rents inapplicable,172 the following analysis is relevant because of the remaining uncertainty about the sufficiency of the amendments for this purpose and the lender’s desire to properly perfect under state law if an enforcement proceeding against the debtor is commenced or continued outside of bankruptcy. In addition, if all proper steps have been taken by the lender under state law to enforce and actually collect, as well as perfect, its security interest in the rents prior to the bankruptcy filing, the lender can argue that the debtor no longer has any interest in the rents, that they are the sole property of the lender, and that they do not constitute cash collateral in which the bankruptcy estate has an interest. However, the 1994 Reform Act does not permit a lender to claim that the debtor no longer has any interest in the rents after the bankruptcy filing merely by describing the lender’s prepetition interest in the rents as absolute in a mortgage or separate assignment-of-rents document.173 The issue of the perfection of rents frequently arises when a mortgage lender with an interest in rents has not foreclosed, exercised its assignment of rents, obtained the appointment of a receiver, or otherwise taken action to possess the rents prior to the petition filing.174 Judges differ on the requirement of peaceful possession of the property by the mortgage lender to the exclusion of the borrower or the owner.175 In Massachusetts, bankruptcy judges have different views of what is required to
11 USC §552(b)(2) (1994). 1994 Reform Act §214 (amending 11 USC §552(b)). Prior to (and even after) the passage of the Reform Act, some jurisdictions upheld the validity of such absolute assignments. In re Jason Realty, L.P., 59 F.3d 423, 428 (3d Cir. 1995); Commerce Bank v. Mountain View Village, Inc., 5 F.3d 34, 37 (3d Cir. 1993); In re Geary’s Bottled Liquors, Inc., 184 B.R. 408, 413 (Bankr. D. Mass. 1995) (holding that an “absolute” assignment of rents, although allowing the mortgagor to collect the rents so long as no default occurred under the loan documents, is still an absolute assignment, and noting that “if this case had been filed after October 20, 1994, both rent assignments might have been validated by 11 USC §552(b)(2), as added by §215(a) of the Bankruptcy Reform Act of 1994 . . . which is effective on that date”); MacArthur Executive Assocs. v. State Farm Life Ins. Co., 190 B.R. 189, 195 (Bankr. D.N.J. 1995); Northern Trust Co. v. VIII South Mich. Assocs. (In re VIII South Mich. Assocs.), 145 B.R. 912 (Bankr. N.D. Ill. 1992); In re 163rd St. Mini Storage, Inc., 113 B.R. 87 (Bankr. S.D. Fla. 1990) (citing Fla. Stat. §697.07 (1987); Homecorp v. Secor Bank, 659 So. 2d 15 (Ala. 1994). 174 See Chapter 7 at §7.09 “Effect on Mortgagee of Mortgagor/Landlord’s Bankruptcy: Right to Rents” supra. 175 Wattson Pac. Ventures v. Valley Fed. Sav. & Loan (In re Safeguard Self-Storage Trust), 2 F.3d 967 (9th Cir. 1993). The California legislature enacted a statute specifically applying to assignments of rent. 1996 Cal. Adv. Legis. Secr. 49 (Deering). This statute, which applies only with respect to assignments of rent executed after January 1, 1997, repeals section 2938 of the California Civil Code and provides that regardless of the language used in the assignment of rents document, it creates a “present security interest” in both present and future leases and rents on the property, thus eliminating the unworkable and fictitious distinction between absolute assignments of rent and security assignments. Under the new statute the lender will be able to “enforce” or “activate” its perfected right to the rents by taking any one of a variety of actions, including appointment of a receiver, obtaining possession of the rents, making a written demand on the tenants or making a written demand on the borrower, and will be entitled to apply the rents (less property expenses) to the mortgage debt without violating the “one action” or “security first” rule in California.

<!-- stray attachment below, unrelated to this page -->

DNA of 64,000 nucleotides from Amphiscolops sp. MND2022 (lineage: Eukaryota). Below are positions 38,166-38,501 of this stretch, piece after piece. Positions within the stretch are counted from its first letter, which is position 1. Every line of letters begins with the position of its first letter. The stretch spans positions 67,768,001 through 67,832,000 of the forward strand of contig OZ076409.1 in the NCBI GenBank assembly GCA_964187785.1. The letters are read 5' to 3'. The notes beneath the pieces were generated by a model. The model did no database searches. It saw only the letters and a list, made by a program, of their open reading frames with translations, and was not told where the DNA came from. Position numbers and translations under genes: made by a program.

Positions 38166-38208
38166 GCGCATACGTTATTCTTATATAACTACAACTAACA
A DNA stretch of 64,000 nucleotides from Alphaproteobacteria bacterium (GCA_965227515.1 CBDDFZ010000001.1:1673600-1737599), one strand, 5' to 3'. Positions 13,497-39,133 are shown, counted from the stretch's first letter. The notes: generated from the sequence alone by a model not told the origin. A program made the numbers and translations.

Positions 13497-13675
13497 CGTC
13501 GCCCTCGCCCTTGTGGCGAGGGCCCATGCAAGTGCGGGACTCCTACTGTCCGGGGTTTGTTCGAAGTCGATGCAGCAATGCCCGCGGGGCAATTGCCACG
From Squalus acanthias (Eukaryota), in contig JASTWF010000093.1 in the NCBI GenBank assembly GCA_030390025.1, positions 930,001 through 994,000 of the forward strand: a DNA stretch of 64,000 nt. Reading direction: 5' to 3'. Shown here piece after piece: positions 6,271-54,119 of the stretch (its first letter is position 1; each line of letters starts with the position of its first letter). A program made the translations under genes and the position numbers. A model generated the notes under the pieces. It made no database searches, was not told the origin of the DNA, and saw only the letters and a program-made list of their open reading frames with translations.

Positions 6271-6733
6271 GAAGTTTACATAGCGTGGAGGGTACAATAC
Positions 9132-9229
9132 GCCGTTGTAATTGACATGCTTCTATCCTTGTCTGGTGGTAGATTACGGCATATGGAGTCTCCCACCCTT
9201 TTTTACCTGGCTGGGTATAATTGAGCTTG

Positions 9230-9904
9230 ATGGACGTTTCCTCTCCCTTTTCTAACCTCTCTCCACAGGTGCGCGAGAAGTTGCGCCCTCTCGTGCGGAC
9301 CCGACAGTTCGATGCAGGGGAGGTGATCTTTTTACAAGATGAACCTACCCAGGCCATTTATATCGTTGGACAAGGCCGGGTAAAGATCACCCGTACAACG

establish perfection.176 Judges differ on the requirement of peaceful possession of the property by the mortgage lender to the exclusion of the borrower or the owner.177 A security interest also extends to rents that are acquired by the estate after the petition date, subject to two prerequisites: (1) the security agreement was entered into prior to the petition date and extends to after-acquired property, and (2) the security agreement provides for a security interest in rents.178